Posture is probably one of the most important things that I see in every person I come into contact with.
I check posture in every single exam and observe it before my patients get onto my table each visit.
Posture is an outward indicator of stresses within the body. It shows us where there are imbalances and chronic issues. It can predict future injuries.
- Blood Flow
- Nerve Flow
- Joint Function
- Muscle Tension
- Hormonal Balance in the Brain
- Perceptions of Others
- Perceptions of OURSELVES
- Check out this TED Talk Blog about Super Hero Posture!
- This list could go on forever!…
Posture really is that important.
So what is good posture anyway?
The graphics above are mainly focused on the low back, pelvis, and lower body. However, we can see how a gravity line should be able to be drawn straight down our bodies from the side to demonstrate proper posture.
If I held a piece of string with a weight on it at the height of your ear, it should fall through the shoulder, through the hip, just behind the knee and through your ankle to the ground.
When I think about what this feels like, imagine that someone has tied a string to the crown of your head and is gently tugging upward. Your chin will tuck slightly, your spine will lengthen, shoulders are able to relax, and tailbone tucks slightly. (This is seen in the far left photo, above. The photos to the right demonstrate increased forward head posture with hands rolled forward and low back rounded.
From the front, posture is focused on horizontal lines as well. I ask myself, “Is everything level and equal from side to side?”
- Are the eyes level or is the head tilted?
- Can I see an equal amount of ear on each side?
- Are the shoulders level?
- Are the hips and pelvis level?
- Is the spine in midline?
- Are the hands in front or at the sides?
- Are the shoulders rounded?
Both of the photos above demonstrate asymmetries, but note how the left side photo demonstrates rounding of the shoulders, head tilt, right sided torso shift, etc. The photo on the right has far better posture.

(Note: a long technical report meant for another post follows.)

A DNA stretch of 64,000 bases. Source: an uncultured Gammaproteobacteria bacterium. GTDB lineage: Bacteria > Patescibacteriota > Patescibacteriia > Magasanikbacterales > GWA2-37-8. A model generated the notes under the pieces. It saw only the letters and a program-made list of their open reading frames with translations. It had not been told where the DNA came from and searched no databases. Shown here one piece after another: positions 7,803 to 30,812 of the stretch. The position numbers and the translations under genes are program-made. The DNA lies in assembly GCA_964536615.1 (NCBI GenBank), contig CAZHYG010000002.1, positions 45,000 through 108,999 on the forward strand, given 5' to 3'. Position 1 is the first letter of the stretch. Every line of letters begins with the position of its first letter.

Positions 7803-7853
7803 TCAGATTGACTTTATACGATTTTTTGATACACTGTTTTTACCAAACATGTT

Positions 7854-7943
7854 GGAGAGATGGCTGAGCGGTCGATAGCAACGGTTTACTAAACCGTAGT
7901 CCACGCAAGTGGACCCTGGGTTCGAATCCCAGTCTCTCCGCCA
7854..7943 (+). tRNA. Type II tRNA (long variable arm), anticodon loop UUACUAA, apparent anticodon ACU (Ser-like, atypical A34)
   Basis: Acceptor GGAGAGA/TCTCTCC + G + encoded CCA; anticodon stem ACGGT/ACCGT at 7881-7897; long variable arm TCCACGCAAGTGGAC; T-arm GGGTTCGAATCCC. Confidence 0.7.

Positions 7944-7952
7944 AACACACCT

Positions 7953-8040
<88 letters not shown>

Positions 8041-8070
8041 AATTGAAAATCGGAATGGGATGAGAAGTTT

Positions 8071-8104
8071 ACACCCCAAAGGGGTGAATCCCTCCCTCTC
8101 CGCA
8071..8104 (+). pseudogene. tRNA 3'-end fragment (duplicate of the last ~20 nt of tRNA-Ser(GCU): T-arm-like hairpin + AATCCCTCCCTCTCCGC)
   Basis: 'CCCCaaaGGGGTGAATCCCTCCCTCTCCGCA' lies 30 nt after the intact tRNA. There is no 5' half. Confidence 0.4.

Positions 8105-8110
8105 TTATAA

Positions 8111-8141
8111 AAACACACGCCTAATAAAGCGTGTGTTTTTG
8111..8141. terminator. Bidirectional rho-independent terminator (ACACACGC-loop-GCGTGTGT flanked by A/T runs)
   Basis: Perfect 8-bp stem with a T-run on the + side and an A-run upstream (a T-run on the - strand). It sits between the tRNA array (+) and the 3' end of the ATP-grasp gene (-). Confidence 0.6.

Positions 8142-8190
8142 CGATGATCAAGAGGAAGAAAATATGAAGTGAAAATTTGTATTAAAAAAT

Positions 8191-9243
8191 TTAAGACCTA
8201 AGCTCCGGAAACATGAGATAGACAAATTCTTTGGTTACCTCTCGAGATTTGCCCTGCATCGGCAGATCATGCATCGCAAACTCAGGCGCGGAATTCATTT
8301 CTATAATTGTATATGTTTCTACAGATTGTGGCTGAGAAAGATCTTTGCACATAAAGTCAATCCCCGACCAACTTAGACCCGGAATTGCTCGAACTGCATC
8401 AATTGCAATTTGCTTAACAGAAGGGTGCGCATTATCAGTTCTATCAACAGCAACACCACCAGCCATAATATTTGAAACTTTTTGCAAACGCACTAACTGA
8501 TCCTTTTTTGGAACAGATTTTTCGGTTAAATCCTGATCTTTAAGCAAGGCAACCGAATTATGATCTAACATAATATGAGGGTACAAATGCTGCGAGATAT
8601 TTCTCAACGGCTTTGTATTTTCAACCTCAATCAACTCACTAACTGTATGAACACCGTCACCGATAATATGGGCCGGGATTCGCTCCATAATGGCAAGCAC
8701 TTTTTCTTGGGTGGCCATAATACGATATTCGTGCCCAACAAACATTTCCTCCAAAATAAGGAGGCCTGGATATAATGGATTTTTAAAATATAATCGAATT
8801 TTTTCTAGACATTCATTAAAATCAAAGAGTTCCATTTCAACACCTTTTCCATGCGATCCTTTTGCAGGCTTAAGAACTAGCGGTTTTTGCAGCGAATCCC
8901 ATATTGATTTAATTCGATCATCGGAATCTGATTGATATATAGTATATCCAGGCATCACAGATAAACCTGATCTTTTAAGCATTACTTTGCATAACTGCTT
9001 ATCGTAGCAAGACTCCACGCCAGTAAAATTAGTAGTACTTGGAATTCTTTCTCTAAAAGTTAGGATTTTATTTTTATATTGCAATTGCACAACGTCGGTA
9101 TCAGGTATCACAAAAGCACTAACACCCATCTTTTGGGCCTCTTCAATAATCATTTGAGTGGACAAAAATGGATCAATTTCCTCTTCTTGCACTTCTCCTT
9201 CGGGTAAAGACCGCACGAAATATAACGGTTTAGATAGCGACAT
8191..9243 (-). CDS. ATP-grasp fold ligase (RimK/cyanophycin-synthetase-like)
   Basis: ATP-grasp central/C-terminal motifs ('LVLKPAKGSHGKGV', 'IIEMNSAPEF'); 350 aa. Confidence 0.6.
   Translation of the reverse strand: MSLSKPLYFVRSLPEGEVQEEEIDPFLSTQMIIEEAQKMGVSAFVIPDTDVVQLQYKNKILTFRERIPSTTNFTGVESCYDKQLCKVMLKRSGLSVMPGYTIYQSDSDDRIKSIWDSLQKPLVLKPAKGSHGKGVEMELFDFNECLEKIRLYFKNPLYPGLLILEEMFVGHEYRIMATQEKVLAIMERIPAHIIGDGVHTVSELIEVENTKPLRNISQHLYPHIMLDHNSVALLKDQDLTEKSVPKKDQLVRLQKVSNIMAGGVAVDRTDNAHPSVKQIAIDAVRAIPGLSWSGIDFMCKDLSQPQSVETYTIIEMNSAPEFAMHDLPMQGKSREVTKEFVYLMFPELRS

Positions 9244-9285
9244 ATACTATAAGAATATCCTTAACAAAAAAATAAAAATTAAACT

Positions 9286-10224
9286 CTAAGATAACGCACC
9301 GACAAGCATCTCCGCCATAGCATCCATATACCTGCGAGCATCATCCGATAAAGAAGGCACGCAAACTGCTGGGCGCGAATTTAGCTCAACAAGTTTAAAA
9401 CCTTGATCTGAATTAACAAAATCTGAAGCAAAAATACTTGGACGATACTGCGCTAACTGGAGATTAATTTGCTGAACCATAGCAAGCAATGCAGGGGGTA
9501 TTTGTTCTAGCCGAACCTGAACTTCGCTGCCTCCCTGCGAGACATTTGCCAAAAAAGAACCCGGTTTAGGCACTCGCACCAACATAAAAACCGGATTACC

How can I fix my Poor Posture?
Posture can be remedied in a number of ways.
What activities are causing the poor posture and can they be changed?
Often, poor posture is a response to a chronic position that we work in, relax in, or a repetitive activity. When this is the case, I look for ways to modify the activity or improve work ergonomics.
Is there a skeletal component?
Sometimes, we have held a posture for so long that we have, literally, changed the shape of our spine in response. In these cases, it usually takes chiropractic care and rehabilitative exercises to begin to make changes in the spine- resulting in changes in posture. As a chiropractor, there are many ways that I work with the spine and joints to help stabilize and improve posture.
All of my patients leave the office with some type of homework. We are creatures of habit and our brains rewire themselves to perpetuate these habits. This means that it takes consistent movement correction to repattern the brain. Remember the phrase: Neurons that Fire Together, Wire Together. This means that we have to fire correct patterns of movement over and over again to train our brains and bodies to correct our posture.
It is also immensely important to be aware of our posture in the moment. I set a timer when I am doing computer work (blogs like this, patient notes, etc). When the timer goes off, I get up and do some exercises to improve my posture. It is inevitable that when we sit at a computer, our head drifts forward, our shoulders round, and we generally sit poorly. The same stands true for watching TV, standing in lines, looking at your phone or tablet!
Overall, posture is one of the best things that we can pay attention to to know how our biomechanics (the way we move in daily life) are programmed. Take a look of the last few photos someone has taken of you (selfies don’t really work) and see if you notice any of the things I have mentioned above.
Take control of your posture and start changing your health!
As always, contact me if you would like help with meeting your health goals!
-Dr. Sharonrose Samelak, Chiropractic Physician